As with much of illustration, entertainment art often faces a creative double standard: it has to be very good in order for people to take notice, while discerning art critics rarely, if ever, take it seriously. Artistic talent and skill were essential for a working illustrator to survive (much less thrive), but even the best of efforts were often dismissed as kitsch, impersonal – viewed as mere commercial products rather than creative enterprises. And, unlike every other painting or drawing deemed as “fine art”, most illustrators had to work anonymously – denied from even having their signatures visible on their creative work.
Nowhere was this more apparent than with movie posters.
An important clarification: when I say "movie poster", I'm not referring to the photo-touched, photoshopped, photodigital photocrap that's become the norm these days, slick and stylish though some may be. I'm talking about real movie posters - the big, artful, sometimes cheesy, often delightful product of some poor soul who actually bothered to sit down behind a drafting table and put a sharpened pencil to paper.
That's pencil, now. Not pixel.
It's probably the toughest art to master for any illustrator. It's not just about getting the actors' likenesses right; it's about conveying the best and most enticing things a movie going experience can offer -- it's soul, if you will, even if that sounds a bit inflated when so many films out there are such soulless enterprises.
Most poster artists rarely get the chance to see the very films they're slaving over prior to finishing their work. Commissions often come at the very last minute, with deadlines fast approaching. (A rather inexcusable crime on the studios' part, when one considers the inordinate amount of time they waste gestating their projects.) It's a tough job, and poster artists are a rare breed.
There are giants of this artform: Bob Peak, Saul Bass, Drew Struzan, John Alvin, Howard Terpning, Reynold Brown, Bill Gold, Heinz Schulz-Neudamm, Roger Kastel.
Some are still with us – perhaps working, perhaps retired, perhaps having moved on to other creative, more personal ventures. But most, alas, are now gone.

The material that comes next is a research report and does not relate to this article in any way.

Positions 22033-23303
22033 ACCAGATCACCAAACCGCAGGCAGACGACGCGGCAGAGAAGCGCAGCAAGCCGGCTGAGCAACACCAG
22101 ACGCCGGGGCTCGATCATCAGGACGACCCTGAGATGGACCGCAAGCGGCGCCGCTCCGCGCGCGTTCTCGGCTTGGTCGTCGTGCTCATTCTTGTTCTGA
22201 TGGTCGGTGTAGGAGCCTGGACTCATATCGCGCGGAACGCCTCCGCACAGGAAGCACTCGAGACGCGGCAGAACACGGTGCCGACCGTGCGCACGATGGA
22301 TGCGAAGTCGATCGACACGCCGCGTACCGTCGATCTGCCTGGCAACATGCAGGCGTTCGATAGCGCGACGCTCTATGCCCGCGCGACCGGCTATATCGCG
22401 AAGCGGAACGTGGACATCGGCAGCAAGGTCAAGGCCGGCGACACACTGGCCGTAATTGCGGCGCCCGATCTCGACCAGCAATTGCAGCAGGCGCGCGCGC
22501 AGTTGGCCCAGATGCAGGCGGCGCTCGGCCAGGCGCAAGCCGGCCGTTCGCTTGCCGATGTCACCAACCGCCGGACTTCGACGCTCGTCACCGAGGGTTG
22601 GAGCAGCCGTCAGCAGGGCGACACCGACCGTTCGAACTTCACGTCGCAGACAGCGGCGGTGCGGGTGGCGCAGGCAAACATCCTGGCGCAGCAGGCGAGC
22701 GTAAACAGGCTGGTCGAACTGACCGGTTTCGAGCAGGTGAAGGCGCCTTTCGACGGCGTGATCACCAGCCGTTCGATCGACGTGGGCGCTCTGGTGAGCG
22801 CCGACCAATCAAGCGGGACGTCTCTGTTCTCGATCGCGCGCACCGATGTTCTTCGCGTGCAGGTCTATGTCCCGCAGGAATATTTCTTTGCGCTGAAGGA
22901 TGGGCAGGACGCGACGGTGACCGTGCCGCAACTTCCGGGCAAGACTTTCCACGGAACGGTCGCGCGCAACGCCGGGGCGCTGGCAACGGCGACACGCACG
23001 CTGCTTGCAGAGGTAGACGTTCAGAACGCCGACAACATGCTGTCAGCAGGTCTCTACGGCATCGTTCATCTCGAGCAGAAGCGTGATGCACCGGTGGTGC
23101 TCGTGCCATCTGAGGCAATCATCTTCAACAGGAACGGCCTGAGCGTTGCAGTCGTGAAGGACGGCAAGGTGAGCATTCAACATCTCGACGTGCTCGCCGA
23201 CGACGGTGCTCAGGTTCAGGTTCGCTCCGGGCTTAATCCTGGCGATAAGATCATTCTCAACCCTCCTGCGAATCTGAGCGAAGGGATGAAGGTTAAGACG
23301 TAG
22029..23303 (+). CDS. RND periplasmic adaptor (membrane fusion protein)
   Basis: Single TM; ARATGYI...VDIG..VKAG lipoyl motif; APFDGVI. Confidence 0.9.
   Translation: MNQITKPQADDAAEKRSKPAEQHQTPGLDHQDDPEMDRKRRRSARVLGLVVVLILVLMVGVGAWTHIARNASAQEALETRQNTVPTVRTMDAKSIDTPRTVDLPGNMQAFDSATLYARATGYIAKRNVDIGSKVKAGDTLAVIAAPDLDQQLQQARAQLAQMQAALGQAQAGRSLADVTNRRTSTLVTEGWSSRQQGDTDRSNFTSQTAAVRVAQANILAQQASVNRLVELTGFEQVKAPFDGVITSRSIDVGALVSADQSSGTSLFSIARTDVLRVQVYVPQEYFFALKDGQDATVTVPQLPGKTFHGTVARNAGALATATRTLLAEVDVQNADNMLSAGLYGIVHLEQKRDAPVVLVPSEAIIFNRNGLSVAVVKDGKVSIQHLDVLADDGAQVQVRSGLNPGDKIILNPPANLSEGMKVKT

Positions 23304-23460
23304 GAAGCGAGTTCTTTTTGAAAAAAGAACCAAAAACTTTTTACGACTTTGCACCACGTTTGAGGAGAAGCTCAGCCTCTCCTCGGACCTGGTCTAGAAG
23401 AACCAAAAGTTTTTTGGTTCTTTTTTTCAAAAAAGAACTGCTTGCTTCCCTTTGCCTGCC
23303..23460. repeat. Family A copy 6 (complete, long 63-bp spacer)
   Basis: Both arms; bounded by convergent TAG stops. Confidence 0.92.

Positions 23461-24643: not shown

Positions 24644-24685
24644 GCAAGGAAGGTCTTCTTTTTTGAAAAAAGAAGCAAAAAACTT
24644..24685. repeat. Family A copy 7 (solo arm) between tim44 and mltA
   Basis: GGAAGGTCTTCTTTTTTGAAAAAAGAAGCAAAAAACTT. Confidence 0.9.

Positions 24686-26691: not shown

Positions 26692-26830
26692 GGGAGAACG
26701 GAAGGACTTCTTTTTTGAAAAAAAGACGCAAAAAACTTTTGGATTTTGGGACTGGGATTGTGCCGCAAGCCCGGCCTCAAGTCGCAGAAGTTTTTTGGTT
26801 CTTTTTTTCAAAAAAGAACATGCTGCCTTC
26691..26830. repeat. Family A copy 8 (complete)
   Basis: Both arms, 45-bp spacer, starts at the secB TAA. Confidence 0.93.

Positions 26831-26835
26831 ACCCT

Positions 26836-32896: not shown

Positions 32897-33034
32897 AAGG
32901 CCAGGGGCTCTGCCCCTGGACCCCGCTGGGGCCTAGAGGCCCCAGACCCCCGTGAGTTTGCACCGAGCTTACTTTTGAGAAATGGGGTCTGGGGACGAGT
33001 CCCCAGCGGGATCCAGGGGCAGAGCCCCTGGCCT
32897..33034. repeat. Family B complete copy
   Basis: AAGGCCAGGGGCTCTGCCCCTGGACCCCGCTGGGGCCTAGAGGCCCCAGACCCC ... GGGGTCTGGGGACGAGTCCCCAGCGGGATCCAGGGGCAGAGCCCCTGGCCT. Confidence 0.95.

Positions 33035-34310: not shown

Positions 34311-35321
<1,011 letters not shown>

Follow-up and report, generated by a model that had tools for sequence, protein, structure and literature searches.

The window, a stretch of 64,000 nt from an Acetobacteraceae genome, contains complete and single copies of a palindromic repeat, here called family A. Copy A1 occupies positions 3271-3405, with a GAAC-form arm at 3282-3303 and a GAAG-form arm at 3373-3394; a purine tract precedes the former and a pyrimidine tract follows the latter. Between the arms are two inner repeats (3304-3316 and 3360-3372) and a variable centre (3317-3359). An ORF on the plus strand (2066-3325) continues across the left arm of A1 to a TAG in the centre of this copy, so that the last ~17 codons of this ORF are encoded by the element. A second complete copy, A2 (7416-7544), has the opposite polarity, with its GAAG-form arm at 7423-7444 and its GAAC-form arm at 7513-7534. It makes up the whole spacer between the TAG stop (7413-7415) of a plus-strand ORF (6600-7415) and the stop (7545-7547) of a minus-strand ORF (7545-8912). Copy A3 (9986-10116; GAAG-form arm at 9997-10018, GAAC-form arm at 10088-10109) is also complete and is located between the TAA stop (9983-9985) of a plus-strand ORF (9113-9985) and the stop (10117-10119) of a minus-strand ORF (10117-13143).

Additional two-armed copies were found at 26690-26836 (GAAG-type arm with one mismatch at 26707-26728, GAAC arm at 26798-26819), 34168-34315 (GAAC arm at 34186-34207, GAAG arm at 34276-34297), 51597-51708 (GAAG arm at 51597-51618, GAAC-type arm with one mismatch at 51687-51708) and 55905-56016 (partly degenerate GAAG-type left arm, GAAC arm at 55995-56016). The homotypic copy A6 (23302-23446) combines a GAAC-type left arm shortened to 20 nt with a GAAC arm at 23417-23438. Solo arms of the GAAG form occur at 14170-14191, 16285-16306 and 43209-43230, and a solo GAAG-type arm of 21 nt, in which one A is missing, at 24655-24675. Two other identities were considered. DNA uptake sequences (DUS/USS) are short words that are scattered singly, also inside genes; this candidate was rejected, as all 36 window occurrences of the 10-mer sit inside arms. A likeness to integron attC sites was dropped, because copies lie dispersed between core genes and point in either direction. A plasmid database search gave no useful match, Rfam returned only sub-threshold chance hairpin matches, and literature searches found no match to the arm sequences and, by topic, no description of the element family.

These talents deserve to be held in the same regard as classic illustrators like Norman Rockwell, Maxfield Parrish and N.C. Wyeth. Why? Because at their best, their work didn't just convey the highlights of a movie coming soon to a theater near you. Rather, they built upon the anticipation, the promise and excitement of what (hopefully) was in store…hinting just enough to whet our appetites, while not spoiling things by giving too much away.
By Bob Peak’s death in 1992, the last “Golden Age” of movie poster illustration – thriving until the early 1980s – was already over. Commissions were harder to come by, limited to particular genres of films. They paid less. And for what work there was, the competition remained fierce. Until, that is, the age of the pixel effectively killed the artform.
In many ways, this Golden Age died with a young artist named RICHARD AMSEL. And he is the topic of our film.
An illustration in the Smithsonian. A cover for TIME. Thirty-seven published TV Guide covers. Iconic album and concert illustrations. Posters for The Sting, Chinatown, McCabe & Mrs. Miller, Murder on the Orient Express, Flash Gordon, The Dark Crystal, Mad Max Beyond Thunderdome. And, of course, Raiders of the Lost Ark – named "The Greatest Hand-Drawn Movie Poster of all time" by Total Film in 2011.
Amsel made these all in less than 16 years. His life and career were cut short by AIDS, mere weeks before his thirty-eighth birthday.
When I first imagined filming a documentary about the artist, I naturally planned to focus on his remarkable body of work. Such are the things we all know. Amsel’s movie poster artwork is particularly legendary, iconic – and often exceeded the quality of the very films they showcased, revered in the realm of entertainment art.